Non-verbal communication and the Chiltern monologue ("An Ideal Husband")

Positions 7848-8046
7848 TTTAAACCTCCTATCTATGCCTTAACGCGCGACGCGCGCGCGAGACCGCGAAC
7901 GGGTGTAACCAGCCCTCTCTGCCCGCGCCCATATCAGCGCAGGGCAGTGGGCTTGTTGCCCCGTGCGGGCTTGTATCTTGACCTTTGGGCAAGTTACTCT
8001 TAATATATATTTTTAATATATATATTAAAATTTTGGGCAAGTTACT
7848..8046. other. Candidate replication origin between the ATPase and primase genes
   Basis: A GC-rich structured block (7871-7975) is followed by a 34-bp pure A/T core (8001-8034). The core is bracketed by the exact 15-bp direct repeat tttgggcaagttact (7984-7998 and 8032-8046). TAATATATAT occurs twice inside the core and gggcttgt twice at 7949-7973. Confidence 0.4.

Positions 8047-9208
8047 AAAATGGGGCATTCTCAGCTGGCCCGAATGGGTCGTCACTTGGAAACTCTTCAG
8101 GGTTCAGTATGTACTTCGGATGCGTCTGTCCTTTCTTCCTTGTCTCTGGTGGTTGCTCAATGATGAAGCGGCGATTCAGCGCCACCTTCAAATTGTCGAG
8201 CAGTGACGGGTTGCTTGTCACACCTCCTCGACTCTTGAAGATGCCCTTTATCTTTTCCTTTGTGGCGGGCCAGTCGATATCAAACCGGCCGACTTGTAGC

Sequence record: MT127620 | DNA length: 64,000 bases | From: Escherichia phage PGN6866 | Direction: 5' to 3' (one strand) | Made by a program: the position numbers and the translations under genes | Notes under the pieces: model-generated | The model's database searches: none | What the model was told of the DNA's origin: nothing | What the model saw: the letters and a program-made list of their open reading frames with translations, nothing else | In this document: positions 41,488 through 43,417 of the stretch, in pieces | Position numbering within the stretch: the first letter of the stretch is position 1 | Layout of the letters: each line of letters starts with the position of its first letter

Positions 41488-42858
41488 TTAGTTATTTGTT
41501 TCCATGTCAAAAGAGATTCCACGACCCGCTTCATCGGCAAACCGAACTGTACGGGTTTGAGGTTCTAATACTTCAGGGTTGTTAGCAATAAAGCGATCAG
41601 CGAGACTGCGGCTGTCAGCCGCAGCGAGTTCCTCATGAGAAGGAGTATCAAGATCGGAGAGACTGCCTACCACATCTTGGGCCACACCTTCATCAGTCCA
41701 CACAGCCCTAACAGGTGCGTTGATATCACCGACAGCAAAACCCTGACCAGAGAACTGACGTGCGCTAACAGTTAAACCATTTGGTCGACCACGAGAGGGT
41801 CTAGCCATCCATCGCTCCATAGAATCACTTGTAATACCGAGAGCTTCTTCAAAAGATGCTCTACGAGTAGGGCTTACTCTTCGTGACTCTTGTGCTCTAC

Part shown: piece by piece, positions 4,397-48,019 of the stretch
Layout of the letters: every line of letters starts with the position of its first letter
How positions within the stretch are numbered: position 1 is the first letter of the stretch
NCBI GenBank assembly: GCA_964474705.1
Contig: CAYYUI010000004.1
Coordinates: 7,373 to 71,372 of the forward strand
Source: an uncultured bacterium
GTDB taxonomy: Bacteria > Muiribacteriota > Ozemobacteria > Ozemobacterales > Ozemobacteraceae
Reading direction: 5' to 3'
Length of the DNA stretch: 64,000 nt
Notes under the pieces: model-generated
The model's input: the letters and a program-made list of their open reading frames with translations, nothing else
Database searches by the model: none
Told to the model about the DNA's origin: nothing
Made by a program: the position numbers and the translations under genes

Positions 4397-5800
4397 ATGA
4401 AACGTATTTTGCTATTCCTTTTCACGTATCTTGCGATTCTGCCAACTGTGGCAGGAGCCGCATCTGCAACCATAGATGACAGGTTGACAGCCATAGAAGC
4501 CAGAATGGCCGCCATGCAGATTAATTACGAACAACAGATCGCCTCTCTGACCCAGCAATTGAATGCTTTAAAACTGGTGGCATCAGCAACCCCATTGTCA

What struck me in the last lesson was the exercise about the Chiltern monologue (about women idealizing men in their relationship, while men tend to see their female partners more realistic and recognize their flaws). It is incredible, how many possibilities language offers to its users and thus, how many different "versions" of this monologue or scene we could produce. First I thought, I could not produce anything reasonable. But I managed to convey Chiltern's opinion only with stage directions. I had "no dialogue" and decided to do the monologue without any words. It showed me the power of gestures and why we continually communicate, even if we don't speak a word. It also reminded me of the psychologist Watzlawick who (I think) said "You cannot not communicate". Personally, I used a projector to show newspaper headlines (of Chiltern's dishonorable actions), or a liquor bottle and dollar bills to illustrate the vices of men. Thus, I came to the conclusion that language is really only ONE part of communication. The situation the person is in, his or her clothing, mimics, gestures, age, gender, ethnicity, religion/ culture, sexual orientation and the point in time are just some other important features of the communication going out from one person - even if the person itself may not be aware of it or maybe even wants to avoid that.